The **Born interpretation** states that the probability of finding an electron of a certain quantum state around a point is proportional to the square of the modulus of the electron’s wave function , which is called the **probability density**. It was proposed by Max Born, a german Physicist, in 1926.

In developing the concept, Born drew a parallel between the probability of finding a particle in a region of space and the intensity of a classical wave, which is proportional to the square of the wave’s amplitude.

###### Question

Using Hooke’s law, *F* = –*kx*, show that the intensity of a wave is proportional to the square of its amplitude.

###### Answer

Substituting Hooke’s law in *dE* = –*Fdx*, we have *dE* = *kxdx* (where *E* is energy). Integrating the simple harmonic motion over a maximum amplitude *A*,

Since intensity *I* is defined as , we have for an electromagnetic radiation falling on a particular area of a material over a certain duration.

Mathematically, the Born interpretation is:

or to ensure that the sum of individual probabilities of locating an electron over all space is normalised to one. The wave function of an electron is a complex quantity and therefore the above equation can be written as:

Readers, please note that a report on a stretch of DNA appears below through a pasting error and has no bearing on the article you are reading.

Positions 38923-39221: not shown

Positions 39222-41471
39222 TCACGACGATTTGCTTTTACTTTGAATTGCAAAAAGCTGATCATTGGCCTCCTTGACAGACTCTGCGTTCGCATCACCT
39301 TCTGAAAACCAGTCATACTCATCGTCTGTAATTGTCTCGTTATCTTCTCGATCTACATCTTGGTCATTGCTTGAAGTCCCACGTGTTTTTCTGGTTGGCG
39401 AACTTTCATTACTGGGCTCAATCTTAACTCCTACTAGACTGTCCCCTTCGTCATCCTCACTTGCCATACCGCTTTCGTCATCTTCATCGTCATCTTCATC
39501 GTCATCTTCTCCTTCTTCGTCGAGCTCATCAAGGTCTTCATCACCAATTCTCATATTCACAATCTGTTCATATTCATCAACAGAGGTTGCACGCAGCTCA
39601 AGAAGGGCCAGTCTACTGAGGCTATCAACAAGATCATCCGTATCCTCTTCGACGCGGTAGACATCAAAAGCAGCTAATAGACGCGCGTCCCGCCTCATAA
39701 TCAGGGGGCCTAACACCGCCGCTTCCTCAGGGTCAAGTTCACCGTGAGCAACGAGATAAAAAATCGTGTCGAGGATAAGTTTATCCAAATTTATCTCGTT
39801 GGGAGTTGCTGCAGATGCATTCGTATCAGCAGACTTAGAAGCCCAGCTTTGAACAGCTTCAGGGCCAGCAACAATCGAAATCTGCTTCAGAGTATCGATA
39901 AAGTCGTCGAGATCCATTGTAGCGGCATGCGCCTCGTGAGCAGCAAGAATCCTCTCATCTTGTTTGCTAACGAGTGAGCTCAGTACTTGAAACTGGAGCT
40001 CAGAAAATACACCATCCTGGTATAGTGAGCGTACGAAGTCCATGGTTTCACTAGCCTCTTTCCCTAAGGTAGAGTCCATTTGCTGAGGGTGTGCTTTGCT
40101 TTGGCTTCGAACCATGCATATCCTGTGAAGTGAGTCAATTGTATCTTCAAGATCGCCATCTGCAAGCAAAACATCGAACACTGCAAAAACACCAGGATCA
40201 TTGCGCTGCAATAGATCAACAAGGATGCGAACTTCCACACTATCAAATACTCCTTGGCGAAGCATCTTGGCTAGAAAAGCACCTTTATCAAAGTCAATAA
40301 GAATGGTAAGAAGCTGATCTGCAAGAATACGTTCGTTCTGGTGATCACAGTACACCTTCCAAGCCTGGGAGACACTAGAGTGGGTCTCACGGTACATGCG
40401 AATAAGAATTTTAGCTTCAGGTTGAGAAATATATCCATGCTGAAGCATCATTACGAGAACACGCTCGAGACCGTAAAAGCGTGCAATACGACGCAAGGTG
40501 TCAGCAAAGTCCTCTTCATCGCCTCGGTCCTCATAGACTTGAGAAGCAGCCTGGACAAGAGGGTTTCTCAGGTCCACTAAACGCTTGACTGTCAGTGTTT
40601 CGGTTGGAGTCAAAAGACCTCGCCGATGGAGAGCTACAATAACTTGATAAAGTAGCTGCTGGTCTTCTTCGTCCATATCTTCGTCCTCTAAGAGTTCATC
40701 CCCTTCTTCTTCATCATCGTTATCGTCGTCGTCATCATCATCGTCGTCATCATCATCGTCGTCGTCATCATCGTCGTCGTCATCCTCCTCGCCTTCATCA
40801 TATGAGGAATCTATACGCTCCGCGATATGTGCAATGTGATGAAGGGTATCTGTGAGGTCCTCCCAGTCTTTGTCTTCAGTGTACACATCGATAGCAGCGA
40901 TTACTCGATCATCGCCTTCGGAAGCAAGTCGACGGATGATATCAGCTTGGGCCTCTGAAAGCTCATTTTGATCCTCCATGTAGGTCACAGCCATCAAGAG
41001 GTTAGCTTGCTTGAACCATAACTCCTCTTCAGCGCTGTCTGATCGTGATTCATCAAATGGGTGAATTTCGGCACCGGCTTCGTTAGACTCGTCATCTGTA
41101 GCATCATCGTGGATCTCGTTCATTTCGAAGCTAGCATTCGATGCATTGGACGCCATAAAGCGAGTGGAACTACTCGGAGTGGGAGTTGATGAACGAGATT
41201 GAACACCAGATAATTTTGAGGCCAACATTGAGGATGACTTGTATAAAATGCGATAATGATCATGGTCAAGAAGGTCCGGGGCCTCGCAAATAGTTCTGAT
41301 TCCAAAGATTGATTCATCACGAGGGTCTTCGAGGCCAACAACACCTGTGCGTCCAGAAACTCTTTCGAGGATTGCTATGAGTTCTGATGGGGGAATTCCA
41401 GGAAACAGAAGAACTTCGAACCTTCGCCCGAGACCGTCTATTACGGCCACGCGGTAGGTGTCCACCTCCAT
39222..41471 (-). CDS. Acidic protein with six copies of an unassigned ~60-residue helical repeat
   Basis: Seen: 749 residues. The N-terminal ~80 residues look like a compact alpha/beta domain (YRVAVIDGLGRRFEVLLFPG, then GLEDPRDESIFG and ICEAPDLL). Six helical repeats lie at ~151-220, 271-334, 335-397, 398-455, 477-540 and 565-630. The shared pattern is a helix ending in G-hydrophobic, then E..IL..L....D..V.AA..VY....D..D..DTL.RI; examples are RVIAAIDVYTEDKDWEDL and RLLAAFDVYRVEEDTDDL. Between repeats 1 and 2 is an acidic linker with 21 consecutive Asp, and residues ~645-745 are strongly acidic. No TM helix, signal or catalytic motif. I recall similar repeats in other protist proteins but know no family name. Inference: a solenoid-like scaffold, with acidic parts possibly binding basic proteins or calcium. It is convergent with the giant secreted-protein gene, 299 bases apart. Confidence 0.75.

where is the complex conjugate of .

###### Question

Why is the wave function a complex quantity? Show that .

###### Answer

Some differential equations are easier to solve when the function is in the complex form. This happens to be the case for the Schrodinger equation. However, only the real component is used when values of the function are compared with experimental data.

Let . So .

Therefore, .

In the previous article, we mentioned that Schrodinger did not have a convincing physical interpretation of the wave function *ψ*, other than it being a wave equation of an electron in the atom. With the Born interpretation, the electron probability density function for a unique combination of the three quantum numbers , and , mathematically describes an atomic orbital. When we plot the probability functions using a mathematical software, we obtain the following shapes:

These are the orbitals of a hydrogen atom.